Forgetting their homework: Get an organizer and teach them to write every single thing in it, even things they think they’ll remember. Help them accept that remembering on their own is not their strength, and that they need to use the organizer religiously. They can even use an app as an organizer.
Forgetting to complete important tasks: Invest in lots and lots of sticky notes. Coach them to stick them everywhere to remind them what they need to do. They can also write reminders on their hand with a Sharpie. This is sort of old school, but if it works for them, then by all means, do it. Look for creative solutions.
Forgetting appointments: Find an app with an alarm or vibration, or a watch if they don’t have a cell phone. As they make an appointment, set the alarm reminder for that date and time on their device. Set it a few minutes before, and have it continue to remind them until you turn it off. Tell them not to turn it off until they arrive at the appointment.
Losing school work: Choose a binder or notebook organizer and set up a system for each and every class. Help them understand that they should immediately put away returned homework, quizzes and test in specific sections, and should also have a section for homework needing to be turned in, notes, assignments, etc. Always put every single thing where it belongs immediately.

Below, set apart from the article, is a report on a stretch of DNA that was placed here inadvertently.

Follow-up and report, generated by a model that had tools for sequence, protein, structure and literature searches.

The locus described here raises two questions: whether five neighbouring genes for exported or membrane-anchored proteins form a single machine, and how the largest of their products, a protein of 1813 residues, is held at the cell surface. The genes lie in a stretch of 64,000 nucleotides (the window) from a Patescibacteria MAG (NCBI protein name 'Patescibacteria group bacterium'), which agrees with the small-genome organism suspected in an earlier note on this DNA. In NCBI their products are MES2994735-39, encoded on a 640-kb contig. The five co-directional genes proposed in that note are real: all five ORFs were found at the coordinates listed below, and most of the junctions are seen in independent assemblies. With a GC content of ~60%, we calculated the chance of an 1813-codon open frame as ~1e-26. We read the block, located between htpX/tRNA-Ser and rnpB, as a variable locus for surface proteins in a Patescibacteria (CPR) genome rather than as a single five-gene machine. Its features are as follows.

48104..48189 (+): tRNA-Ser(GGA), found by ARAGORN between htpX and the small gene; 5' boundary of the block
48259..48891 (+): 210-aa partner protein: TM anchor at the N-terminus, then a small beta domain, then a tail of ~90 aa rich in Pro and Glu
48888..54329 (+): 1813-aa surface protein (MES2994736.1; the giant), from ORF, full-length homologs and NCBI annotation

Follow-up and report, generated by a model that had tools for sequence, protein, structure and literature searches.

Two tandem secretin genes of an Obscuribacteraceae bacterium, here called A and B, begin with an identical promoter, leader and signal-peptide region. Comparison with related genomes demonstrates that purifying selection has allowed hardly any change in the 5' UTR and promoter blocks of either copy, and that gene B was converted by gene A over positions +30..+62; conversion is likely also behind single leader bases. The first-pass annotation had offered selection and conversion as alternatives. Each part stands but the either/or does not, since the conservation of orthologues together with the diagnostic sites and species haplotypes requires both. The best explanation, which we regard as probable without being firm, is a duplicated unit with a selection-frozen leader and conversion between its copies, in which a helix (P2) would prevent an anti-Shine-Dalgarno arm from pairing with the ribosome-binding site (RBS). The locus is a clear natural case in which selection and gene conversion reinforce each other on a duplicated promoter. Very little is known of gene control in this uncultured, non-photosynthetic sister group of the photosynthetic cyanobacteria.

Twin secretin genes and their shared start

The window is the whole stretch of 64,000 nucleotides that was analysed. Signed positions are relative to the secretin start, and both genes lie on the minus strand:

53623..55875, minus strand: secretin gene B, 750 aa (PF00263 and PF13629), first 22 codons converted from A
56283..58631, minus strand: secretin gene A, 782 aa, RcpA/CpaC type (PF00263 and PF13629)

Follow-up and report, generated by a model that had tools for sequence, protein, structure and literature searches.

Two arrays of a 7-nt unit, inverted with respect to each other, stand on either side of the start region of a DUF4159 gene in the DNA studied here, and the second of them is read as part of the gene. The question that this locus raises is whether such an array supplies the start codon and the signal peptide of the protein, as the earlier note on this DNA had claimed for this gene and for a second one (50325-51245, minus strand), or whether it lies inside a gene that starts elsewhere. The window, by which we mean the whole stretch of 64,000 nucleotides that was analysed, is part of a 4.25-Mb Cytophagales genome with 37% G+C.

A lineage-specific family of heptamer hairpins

Losing other items: Label every single thing they own. Consider GPS locater devices for expensive or important items. Have a designated place for everything, such as backpack, keys, sports uniforms/shoes, etc.
Fidgeting: Purchase a silent and small item that they can fidget with when they’re feeling hyper. Many fit right in their pocket. Discuss with teachers ahead of time to make sure it’s okay. Also, have them explain their issues to their teachers, and when possible, arrange for permission to take short breaks as needed to improve their ability to sit in the class and to be less distracting to others.
Inattention: Discuss with your doctor what the options are, as medication might really be helpful. Make sure they get plenty of sleep and eat nutritious food. When possible, arrange for them to sit in the front in class, and minimize all distractions. Encourage them to tell the teacher they have trouble paying attention, and ask him or her to help redirect as needed.
Impulsivity: Let the teachers know this is a problem. Work with them to develop a way that they can remind you gently when they’re doing this. Your teen must be as mindful as possible, and try to “catch themselves” before blurting out. Writing things down on a piece of paper often helps people avoid blurting out. This ensures that they won’t forget, but they can save it for a more appropriate time. Teach them to breathe slowly to help slow themselves down a bit.
In a nutshell, your teens are getting older and they need to take control of managing their own deficiencies. With your guidance, they can learn to talk to their own teachers. Use all of the tools available to them. Ask for help when they need it. Breathe, slow down, and be aware. This will allow them to stay calm, focus longer, and function better. Over time, they will either outgrow their ADHD, or learn how to best manage it. Start now teaching your teen how to manage it for the best possible chance at success.